Canadian Atheist has posted a new item, 'What do Canadians think is important for being Canadian?'
Pew Research Centre recently released the results of a group of surveys asking respondents worldwide a question about what “national identity” requires. Canada was included in their results.
You may view the latest post at http://canadianatheist.com/2017/02/what-do-canadians-think-is-impor...
I knew on December 14, 2015 at 5:47am one thing that Canadians understood to be important.
To me, having worked and spent time in Canada, kids school there, etc...its more like being in the US except sentences tend to end with a higher pitch, as if every sentence was a bit of a question, and "eh" replaces "you know", and a few other seemingly unimportant deviations.
And sections speak French, the way parts of the US speak Spanish, and so forth.
I had a girlfriend who only spoke French, but was a knockout in her bikini when I picked her up when at the beach, and, I already could speak French...so, it worked until distance not language or culture became problematic.
In the US, I had an analogous GF who spoke only Spanish well, and so forth, which was OK, as I also spoke Spanish.
The long and short of it was, to me at least, daily life in either country is pretty damn similar.
Having lived in Canada and then visited several US states/cities...there is an unmystakable difference on many levels. When walking through the downtown area of Baltimore or Philidelphia (let alone Detroit or San Francisco or Brooklyn) at night time...you feel very unsafe and are horrified by the vagrants and nutcases around you pushing shoppingcarts and tripping out (even during the day). You're highly aware that people in most states are stressed out over how they'll pay their hospital bills and send their kids to university, you're disturbed that the state you are in probably has the death penalty, you have to deal with random strangers asking you if you've accepted Jesus into your heart, the slight sense of "red alert" in public in large cities, the extreme inequality and blatant discrimination against african americans, the immense marketing and adds everywhere you look, a much more flamboyant atmosphere with extremely chatty open animated energetic fun people, a much higher variety of products available and opportunities, stronger venture and entrepenurial spirit, strong and unappologetic sense of Americanism, extreme ease in making aquaintances with people...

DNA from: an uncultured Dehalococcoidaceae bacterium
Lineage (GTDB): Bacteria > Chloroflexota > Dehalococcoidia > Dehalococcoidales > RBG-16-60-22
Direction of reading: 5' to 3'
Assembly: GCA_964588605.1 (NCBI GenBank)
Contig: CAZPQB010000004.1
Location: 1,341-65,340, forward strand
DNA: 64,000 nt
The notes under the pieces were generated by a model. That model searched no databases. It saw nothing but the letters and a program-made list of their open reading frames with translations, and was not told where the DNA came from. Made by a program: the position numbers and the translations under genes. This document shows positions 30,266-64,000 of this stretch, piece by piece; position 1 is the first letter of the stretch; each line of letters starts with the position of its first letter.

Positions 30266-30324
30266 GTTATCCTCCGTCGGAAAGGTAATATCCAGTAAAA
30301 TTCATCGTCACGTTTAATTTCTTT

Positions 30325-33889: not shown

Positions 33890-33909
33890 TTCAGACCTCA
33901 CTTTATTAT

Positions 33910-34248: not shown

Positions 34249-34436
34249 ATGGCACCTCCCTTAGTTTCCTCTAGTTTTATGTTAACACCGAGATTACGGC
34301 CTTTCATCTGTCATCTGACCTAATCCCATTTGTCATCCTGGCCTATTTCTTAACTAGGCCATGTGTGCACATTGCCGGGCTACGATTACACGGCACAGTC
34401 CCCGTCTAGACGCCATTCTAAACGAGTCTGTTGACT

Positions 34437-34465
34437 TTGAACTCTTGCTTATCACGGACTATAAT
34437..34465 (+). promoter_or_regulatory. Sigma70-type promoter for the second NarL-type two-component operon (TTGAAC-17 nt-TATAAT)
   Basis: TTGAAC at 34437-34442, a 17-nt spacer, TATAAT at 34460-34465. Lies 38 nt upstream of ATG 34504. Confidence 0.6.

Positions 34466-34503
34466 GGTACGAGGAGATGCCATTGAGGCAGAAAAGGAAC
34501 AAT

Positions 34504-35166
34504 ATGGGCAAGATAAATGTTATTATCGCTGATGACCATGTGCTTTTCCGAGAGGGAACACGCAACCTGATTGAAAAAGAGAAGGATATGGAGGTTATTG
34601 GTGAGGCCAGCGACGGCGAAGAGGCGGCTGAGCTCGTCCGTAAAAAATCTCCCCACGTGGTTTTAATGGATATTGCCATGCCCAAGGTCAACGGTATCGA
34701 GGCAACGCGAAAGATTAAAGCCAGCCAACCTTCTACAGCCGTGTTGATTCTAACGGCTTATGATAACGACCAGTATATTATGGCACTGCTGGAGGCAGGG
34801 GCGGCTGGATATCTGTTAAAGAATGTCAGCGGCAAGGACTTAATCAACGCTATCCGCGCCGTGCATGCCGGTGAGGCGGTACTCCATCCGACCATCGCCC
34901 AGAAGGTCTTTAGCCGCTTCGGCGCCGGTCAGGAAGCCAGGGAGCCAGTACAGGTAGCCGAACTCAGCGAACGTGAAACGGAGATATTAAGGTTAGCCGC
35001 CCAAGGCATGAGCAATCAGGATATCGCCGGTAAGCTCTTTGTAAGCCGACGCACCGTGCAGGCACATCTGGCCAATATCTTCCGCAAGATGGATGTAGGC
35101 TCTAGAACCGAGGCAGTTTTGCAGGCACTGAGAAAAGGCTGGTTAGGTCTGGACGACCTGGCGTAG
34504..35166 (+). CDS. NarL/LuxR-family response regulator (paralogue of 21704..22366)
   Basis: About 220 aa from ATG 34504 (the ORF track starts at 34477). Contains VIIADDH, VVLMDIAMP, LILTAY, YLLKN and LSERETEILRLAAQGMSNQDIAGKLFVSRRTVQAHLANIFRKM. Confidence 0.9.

So while for an American visiting Canada it may seem like it's very similar (perhaps refreshing), as culturally beyond politics it is so similar (and culturally its like 95% the same), a Canadian visiting America may not find it pretty much all the same. The political/economic/social differences run deep and while your conversations may be mostly the same and the products you buy, use, eat are very similar...the long term issues and experiences aren't. I'm sure it's much the same for an American living in Alaska for a year and finding the experience not exaggeratedly different than living in other states and yet an Alaskan living in New York or Iowa and finding many things similar yet there being long term profound differences.v
I am curious about Canadian Atheist's views on Canada's blasphemous libel law.
For what is touted as a much more progressive country than the US it seems pretty anti-atheistic and backward to me.
I lived in Canada and never once faced any inconvenience by the religious nor unwelcome religious talk except for a couple door to door fenatic and some insane street preachers in Toronto.
The blasphemy law is an obsolete dormant law most Canadians have never heard of that has only been tested a couple times in the modern age (without success). The law should go. But if you base your understanding of a country on the dormant forgotten laws that are still tecnically on the books...you'll find Canada could not possibly compete with the US
It certainly doesn't have any meaning now as far as I can tell.
I would hope this is true now. But this and many archaic laws do need repeal or some zealot may later use these against the people. I agree many US laws are in the same category.
Maybe the 2 repeal for any 1 new law will address some of this for the US at least?
I suppose in many legislative sessions you only have enough time for so many bills...and repealing rediculous unheard of laws may not seem as urgent as regulating toxic emissions or giving rich corporations more subsidies and tax breaks. I can easily imagine opposition parties demand that not only the bill be repealed...but replaced with a new progressive bill related to tetopic that parties cannot agree on. The nitpicking and committee part of the legislation might end up with other parties trying to add irrelevant amendments to the bill or an entirely new discussion may emerge that slows things down. Imagine the law to be repealed is the banning of anal sex. The republicans agree to repeal it but the democrats demand it is replaced by a bill that protects all consensual sexual behaviour from religious descrimination. They try to add amentmebts to the repeal bill and slow it down during the various readings. Anentirely different debate (say the age of consent between young gay men) may take over. What should be a simply quick repeal of a stupid law becomes a sluggish tedious time wasting affair. And in the end...is it so essential the law is repealed? If anyone ever tried to charge someone a higher court would likely strike down the law making a potentially complicated repeal prices unecesary.